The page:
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First hybrid hard drives are being produced and will be in mass shipping this quater, they are only for laptops to decrease the wattage consumption at the time being, this will not be the case for future models. Don't buy a raptor they aren't worth it, games you won't notice a huge difference, the only main area's you'll see a difference is hard drive intensive programs such as photoshop, but again the performance difference isn't very noticeable to justify the cost. The x version, with the glass is pointless, its just anothing bling bling feature that no one will care about after the first time they see your build, its also an additional 50$.
James

Edited by james_8970, 07 March 2007 - 08:24 PM.

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#7
stettybet0

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Well, the Raptor X looks awesome in my clear case :whistling: but James is right, without a clear case, the X is pointless. (though it is only $20 more than the non-X version).

I do notice a difference in games, especially in things like loading maps for BF2. However, my old hd was a SATA 7200rpm, so of course the Raptor will outperform that.
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#8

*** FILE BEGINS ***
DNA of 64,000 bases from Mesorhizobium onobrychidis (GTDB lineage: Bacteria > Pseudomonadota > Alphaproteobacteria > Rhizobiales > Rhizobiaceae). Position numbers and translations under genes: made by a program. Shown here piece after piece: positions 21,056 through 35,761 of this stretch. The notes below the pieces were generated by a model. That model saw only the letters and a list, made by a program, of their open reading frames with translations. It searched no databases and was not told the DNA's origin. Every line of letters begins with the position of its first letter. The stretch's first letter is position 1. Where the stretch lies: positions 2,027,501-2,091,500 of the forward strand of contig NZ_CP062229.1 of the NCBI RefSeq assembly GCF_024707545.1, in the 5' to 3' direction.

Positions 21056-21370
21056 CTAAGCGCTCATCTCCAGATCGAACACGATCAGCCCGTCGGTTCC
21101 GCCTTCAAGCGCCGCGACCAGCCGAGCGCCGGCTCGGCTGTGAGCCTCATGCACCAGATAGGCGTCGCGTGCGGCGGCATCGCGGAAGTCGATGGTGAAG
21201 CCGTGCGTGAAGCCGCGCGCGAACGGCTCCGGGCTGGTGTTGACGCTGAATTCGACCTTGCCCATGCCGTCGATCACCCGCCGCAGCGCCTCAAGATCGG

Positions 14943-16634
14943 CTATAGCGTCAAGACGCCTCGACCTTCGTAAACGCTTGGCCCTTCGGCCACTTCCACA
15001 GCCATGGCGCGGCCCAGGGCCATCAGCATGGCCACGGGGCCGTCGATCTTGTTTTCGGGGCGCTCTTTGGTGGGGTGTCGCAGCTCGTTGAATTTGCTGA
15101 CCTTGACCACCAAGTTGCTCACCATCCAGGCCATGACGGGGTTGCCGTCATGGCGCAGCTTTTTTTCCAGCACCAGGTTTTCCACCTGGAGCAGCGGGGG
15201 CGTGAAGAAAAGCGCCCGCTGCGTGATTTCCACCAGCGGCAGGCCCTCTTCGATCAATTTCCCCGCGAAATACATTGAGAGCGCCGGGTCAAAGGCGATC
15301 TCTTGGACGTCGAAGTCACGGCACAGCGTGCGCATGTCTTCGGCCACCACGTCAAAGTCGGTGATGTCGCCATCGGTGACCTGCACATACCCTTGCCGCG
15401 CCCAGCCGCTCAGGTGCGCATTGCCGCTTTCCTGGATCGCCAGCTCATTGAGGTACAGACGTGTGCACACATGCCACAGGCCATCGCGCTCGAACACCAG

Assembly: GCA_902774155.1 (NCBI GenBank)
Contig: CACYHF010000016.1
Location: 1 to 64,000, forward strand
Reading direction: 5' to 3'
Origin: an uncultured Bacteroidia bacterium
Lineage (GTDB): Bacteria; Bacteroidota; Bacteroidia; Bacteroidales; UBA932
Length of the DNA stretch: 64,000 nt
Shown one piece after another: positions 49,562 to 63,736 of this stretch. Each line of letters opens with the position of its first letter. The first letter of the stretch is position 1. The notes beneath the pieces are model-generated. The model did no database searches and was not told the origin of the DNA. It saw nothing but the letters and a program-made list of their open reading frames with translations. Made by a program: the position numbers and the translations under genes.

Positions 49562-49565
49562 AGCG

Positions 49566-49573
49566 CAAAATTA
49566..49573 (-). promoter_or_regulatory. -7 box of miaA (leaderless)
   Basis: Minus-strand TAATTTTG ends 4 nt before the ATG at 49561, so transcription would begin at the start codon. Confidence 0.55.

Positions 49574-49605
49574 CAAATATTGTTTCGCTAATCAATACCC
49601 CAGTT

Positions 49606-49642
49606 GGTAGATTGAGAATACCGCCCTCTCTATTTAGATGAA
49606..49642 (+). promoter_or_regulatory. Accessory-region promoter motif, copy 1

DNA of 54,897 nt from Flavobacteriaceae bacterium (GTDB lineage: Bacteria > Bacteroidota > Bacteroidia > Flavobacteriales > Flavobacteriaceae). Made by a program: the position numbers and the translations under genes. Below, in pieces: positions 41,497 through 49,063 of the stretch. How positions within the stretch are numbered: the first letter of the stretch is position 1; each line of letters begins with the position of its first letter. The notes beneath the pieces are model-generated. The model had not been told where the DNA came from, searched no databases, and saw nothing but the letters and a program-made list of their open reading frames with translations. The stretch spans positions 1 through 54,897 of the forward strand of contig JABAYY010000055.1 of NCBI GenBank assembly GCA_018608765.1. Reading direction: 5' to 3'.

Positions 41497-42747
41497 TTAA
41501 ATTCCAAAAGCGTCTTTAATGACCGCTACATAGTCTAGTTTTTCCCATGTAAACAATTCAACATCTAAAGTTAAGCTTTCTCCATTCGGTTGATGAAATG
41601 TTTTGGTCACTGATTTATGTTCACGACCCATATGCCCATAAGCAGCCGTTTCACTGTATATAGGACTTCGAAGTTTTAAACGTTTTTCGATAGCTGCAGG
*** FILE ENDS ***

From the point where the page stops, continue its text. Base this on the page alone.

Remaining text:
JSlayer

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First off thanks guys for the input. I can see there are differing opinions about which way to go.

I do notice a difference in games, especially in things like loading maps for BF2. However, my old hd was a SATA 7200rpm, so of course the Raptor will outperform that.


It's interesting that you mention BF2 because that is the game I play primarily. I've also been getting into 2142 and Supreme Commander. This rig is going to be used for gaming and gaming only, so obviously things that will impact gaming performance are more important to me. I'm not as concerned with price as I am with making sure I get the best device for my needs. I'm very interested in Warriorscot's reason for not liking the Raptor X. I haven't heard anything bad about it until now.

The only thing holding up my build right now is deciding on the right harddrive. Keep the comments coming, this is good stuff!

Again, thank you all for your time and help with this, I realize we all have busy lives and making time to help a complete stranger is pretty awesome. Thanks,

JSlayer
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#9
warriorscot